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Artist of the Issue: Daisy Fey

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Some artists only master one art form and boast perfect control over their execution and inspiration. Daisy Fey ‘18 is the exact opposite: a Renaissance girl. Daisy paints, draws, sings, tattoos, and writes. Rather than looking for inspiration, Daisy lets it find her, aiming only to “draw the energy” of what captures her attention.

Daisy says that the visual arts, particularly painting and drawing, have been a part of her life for as long as she can remember. She admits that most of the art classes during her early childhood were mandatory, but she enjoyed them and actively pursued them when they did become optional.

“My first voluntary art class was in the sixth grade, when I went to a town summer camp for drawing,” Daisy recalls.

Paint quickly caught her eye because she loved working with color. However, during middle school, Daisy’s art teacher pushed her out of her color comfort zone and urged her to try working in pencil to develop depth and light perception. Daisy remembers feeling uncomfortable going from color to black-and-white, but she is thankful for the more technical aspects of her art that have resulted from her work in pencil.

When asked about her source of inspiration, Daisy says, “I don’t look at it as inspiration but more the mood I’m in.” She believes her artistic attention sometimes  wavers, though; some days, she just doesn’t feel confident in her skills. However, when she’s in a creative mood, Daisy says she’ll notice odd lighting and little things out of the ordinary, especially in people’s expressions.

“I think facial expressions are the most important things to focus on. They’re so detailed,” Daisy says. Whenever she stumbles across one of these expressions, Daisy takes a snapshot of the moment with her phone as a reference for later. The piece she is currently working on is based on a photo taken last Thanksgiving, where Daisy’s mother sits with “a very pensive expression.” Daisy describes her artistic style as spontaneous; she never asks people to pose, but rather prefers to let her muses act candidly.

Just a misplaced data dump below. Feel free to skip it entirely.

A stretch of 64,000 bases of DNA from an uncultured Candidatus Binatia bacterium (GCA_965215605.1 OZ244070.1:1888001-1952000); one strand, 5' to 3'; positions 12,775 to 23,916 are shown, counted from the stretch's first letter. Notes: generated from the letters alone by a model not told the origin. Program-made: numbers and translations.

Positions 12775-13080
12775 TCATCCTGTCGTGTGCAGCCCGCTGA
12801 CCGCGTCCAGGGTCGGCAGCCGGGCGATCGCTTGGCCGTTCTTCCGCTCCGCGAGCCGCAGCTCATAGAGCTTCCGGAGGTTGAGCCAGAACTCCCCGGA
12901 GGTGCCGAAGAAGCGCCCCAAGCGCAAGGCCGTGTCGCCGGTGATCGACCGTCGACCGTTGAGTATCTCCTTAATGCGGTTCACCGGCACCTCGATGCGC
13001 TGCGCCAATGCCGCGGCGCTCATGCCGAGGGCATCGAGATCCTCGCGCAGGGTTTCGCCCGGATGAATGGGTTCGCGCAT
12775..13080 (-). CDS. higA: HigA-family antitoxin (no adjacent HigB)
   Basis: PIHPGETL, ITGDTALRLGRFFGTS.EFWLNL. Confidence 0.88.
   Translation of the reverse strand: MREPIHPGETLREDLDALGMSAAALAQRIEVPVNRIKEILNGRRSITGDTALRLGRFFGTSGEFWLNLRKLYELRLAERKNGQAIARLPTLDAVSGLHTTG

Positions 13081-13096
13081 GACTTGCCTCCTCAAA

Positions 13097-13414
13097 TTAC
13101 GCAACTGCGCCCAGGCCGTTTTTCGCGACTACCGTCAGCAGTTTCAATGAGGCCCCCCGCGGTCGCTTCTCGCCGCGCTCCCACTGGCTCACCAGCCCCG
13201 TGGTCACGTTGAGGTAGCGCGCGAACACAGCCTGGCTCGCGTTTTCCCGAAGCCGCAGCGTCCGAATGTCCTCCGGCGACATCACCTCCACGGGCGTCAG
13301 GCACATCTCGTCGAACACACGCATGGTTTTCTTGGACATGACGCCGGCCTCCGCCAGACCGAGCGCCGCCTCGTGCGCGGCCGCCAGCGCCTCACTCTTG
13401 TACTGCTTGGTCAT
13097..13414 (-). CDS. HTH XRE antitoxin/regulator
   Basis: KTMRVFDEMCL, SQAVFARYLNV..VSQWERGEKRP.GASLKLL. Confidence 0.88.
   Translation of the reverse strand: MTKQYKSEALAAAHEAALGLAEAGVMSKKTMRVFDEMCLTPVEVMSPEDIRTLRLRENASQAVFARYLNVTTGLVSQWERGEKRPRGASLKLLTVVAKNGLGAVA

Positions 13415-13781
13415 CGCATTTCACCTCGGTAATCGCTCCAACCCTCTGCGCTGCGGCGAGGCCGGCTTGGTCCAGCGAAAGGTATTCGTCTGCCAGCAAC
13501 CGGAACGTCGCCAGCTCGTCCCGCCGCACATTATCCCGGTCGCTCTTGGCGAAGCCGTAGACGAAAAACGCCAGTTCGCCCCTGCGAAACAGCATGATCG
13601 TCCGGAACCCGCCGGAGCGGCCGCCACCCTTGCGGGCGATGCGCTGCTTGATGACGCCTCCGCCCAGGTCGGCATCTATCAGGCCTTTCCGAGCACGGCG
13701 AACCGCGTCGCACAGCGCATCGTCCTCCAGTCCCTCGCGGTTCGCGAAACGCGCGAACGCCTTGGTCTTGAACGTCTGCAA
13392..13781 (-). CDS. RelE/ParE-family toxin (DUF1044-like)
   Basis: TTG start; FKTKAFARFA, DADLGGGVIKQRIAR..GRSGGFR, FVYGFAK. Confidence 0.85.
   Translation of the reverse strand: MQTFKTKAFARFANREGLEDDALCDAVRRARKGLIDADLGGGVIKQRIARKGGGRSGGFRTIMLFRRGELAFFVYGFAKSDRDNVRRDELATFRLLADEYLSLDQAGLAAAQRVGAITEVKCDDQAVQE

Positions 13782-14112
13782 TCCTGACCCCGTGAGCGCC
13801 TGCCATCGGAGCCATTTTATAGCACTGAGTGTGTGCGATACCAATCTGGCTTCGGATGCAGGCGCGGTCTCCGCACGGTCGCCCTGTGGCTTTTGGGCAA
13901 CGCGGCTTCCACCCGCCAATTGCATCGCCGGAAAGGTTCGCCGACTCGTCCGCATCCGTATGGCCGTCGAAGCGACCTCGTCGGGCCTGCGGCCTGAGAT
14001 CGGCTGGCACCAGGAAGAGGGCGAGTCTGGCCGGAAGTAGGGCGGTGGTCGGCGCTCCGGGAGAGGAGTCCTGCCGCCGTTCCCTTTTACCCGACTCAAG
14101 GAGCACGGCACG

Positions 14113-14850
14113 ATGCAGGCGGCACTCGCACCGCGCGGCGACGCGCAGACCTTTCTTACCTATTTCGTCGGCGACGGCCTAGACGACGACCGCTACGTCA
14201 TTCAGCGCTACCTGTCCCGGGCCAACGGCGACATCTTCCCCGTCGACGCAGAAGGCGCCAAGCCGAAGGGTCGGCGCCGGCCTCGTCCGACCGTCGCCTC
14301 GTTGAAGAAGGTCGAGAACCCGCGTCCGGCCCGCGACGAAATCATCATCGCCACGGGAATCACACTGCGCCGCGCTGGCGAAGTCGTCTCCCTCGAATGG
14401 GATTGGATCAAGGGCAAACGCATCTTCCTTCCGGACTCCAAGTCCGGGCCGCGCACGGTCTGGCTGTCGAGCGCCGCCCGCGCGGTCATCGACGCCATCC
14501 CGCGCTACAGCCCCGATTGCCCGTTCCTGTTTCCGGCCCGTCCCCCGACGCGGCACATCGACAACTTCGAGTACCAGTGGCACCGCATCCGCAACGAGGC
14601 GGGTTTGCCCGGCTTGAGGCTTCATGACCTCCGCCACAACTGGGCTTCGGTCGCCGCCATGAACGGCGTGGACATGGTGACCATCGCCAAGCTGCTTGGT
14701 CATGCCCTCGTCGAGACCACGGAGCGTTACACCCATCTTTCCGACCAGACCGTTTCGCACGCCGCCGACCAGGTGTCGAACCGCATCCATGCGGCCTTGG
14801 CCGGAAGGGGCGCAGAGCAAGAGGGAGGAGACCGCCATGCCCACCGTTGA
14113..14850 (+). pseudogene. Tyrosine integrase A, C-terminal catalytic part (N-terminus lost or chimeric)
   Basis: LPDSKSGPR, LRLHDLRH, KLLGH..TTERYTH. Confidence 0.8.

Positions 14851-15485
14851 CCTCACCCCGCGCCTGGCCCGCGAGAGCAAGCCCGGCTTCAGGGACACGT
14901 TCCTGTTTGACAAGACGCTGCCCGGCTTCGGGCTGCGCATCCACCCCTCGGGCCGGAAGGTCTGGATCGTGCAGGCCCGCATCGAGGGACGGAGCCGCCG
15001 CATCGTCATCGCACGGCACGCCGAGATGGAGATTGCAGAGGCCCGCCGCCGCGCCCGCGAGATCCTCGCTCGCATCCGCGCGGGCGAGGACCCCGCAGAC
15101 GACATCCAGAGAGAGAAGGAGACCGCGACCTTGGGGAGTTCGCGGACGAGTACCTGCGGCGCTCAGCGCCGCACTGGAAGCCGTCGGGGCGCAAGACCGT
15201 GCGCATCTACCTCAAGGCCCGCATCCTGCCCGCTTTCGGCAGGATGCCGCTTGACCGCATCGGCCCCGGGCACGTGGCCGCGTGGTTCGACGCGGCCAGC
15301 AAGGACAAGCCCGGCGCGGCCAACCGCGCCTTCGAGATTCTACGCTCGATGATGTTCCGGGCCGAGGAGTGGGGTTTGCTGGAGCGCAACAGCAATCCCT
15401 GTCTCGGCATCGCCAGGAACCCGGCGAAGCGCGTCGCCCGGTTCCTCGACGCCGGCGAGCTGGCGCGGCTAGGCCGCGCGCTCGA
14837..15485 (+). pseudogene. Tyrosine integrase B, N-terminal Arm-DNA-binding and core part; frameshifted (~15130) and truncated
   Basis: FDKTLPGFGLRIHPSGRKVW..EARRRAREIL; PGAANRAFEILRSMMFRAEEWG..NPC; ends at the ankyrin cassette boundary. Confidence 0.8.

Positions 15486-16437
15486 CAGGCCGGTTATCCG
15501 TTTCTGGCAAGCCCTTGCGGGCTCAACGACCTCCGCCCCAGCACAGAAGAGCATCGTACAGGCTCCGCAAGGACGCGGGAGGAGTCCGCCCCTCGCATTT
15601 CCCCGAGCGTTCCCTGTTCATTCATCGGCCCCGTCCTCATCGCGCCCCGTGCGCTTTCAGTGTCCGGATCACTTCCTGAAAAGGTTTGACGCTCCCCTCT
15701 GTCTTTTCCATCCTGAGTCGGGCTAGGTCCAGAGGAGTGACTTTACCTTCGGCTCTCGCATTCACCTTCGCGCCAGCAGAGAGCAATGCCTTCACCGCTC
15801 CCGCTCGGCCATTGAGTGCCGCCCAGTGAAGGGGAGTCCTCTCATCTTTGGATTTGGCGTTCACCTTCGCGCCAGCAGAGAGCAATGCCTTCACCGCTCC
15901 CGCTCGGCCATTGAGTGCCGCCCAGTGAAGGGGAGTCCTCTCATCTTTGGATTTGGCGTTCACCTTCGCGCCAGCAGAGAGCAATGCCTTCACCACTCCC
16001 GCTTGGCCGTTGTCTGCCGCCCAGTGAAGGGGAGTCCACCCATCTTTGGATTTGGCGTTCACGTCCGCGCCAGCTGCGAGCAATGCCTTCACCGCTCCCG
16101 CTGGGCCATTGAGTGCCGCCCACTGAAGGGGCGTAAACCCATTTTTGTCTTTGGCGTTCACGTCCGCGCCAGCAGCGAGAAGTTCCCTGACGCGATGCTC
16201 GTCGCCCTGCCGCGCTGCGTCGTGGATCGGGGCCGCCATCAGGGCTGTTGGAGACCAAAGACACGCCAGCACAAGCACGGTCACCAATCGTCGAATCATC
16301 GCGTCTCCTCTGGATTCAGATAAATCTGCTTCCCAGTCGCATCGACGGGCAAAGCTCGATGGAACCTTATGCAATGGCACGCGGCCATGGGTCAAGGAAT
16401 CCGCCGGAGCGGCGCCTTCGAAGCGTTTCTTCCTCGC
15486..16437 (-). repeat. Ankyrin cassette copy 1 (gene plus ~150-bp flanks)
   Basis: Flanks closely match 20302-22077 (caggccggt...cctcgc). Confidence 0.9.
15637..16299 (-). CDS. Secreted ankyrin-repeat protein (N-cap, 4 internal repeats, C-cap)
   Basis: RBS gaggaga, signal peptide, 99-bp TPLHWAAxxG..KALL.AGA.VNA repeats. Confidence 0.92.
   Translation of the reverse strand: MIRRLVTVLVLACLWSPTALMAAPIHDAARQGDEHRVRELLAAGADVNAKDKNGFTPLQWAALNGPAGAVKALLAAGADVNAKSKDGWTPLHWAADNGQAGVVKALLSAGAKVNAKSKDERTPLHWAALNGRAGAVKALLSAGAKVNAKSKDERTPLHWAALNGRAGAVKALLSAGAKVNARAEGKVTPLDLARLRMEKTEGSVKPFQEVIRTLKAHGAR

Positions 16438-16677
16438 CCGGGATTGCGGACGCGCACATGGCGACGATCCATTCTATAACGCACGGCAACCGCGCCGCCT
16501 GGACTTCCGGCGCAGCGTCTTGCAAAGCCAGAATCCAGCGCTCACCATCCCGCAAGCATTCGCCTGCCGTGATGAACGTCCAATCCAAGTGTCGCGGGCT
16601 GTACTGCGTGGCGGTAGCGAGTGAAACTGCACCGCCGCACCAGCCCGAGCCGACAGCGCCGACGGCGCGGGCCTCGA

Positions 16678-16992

A prime example of Daisy’s artistic spontaneity is her work with stick-and-poke tattoos, which involve using a sharp point and ink to make semi-permanent designs on the skin. In her fourth form year, Daisy remembers that she and her friends were drawing on each other when they decided to get tattoos. Daisy had mentioned that she had done stick-and-poke tattoos before – a simple design of three dots on herself that she has since transformed into a crown – and her friends asked her to tattoo them. The following Surprise Holiday, they bought ink and needles, and Daisy gave tattoos to several of her friends.

Besides her tattoo designs, Daisy’s art evolution continued on the Circle. Sarah Meyer, a former art teacher at Groton, was one of her mentors, having taught Daisy in Third Form Visual Studies and Drawing Workshop. Daisy said she responded well to Ms. Meyer’s teaching style and advice, and listened to her suggestions to experiment with other media, including charcoal and oil paints. Although Daisy dislikes working with charcoal, she admits that it is one of her better styles and a medium with which she continues to experiment.

In addition to branching out into new visual art styles, Daisy went to a different type of art entirely: vocal. She joined choir in her fifth form year. “My whole family sings from my mother’s side,” Daisy says, “and I was kind of assumed to join choir.” (She could not join it sooner due to scheduling conflicts.) However, despite her limited tenure in choir, Daisy has fallen in love with the program and now serves as a prefect. She says that “singing with a group of people is something really special.”

Daisy has also started working on the more theatrical side of arts. Last spring, she wrote “Table 12,” a short play about a young man trying his luck at speed dating, “Table 12” was a hit when it was performed at the One Act Festival. Daisy says that “Table 12” was the feature of many of her college essays, and that it helped her recognize her passion for a career in the arts. “I want to do screenwriting, directing, and writing short stories if I can,” Daisy says, “and maintain visual arts as a hobby.”

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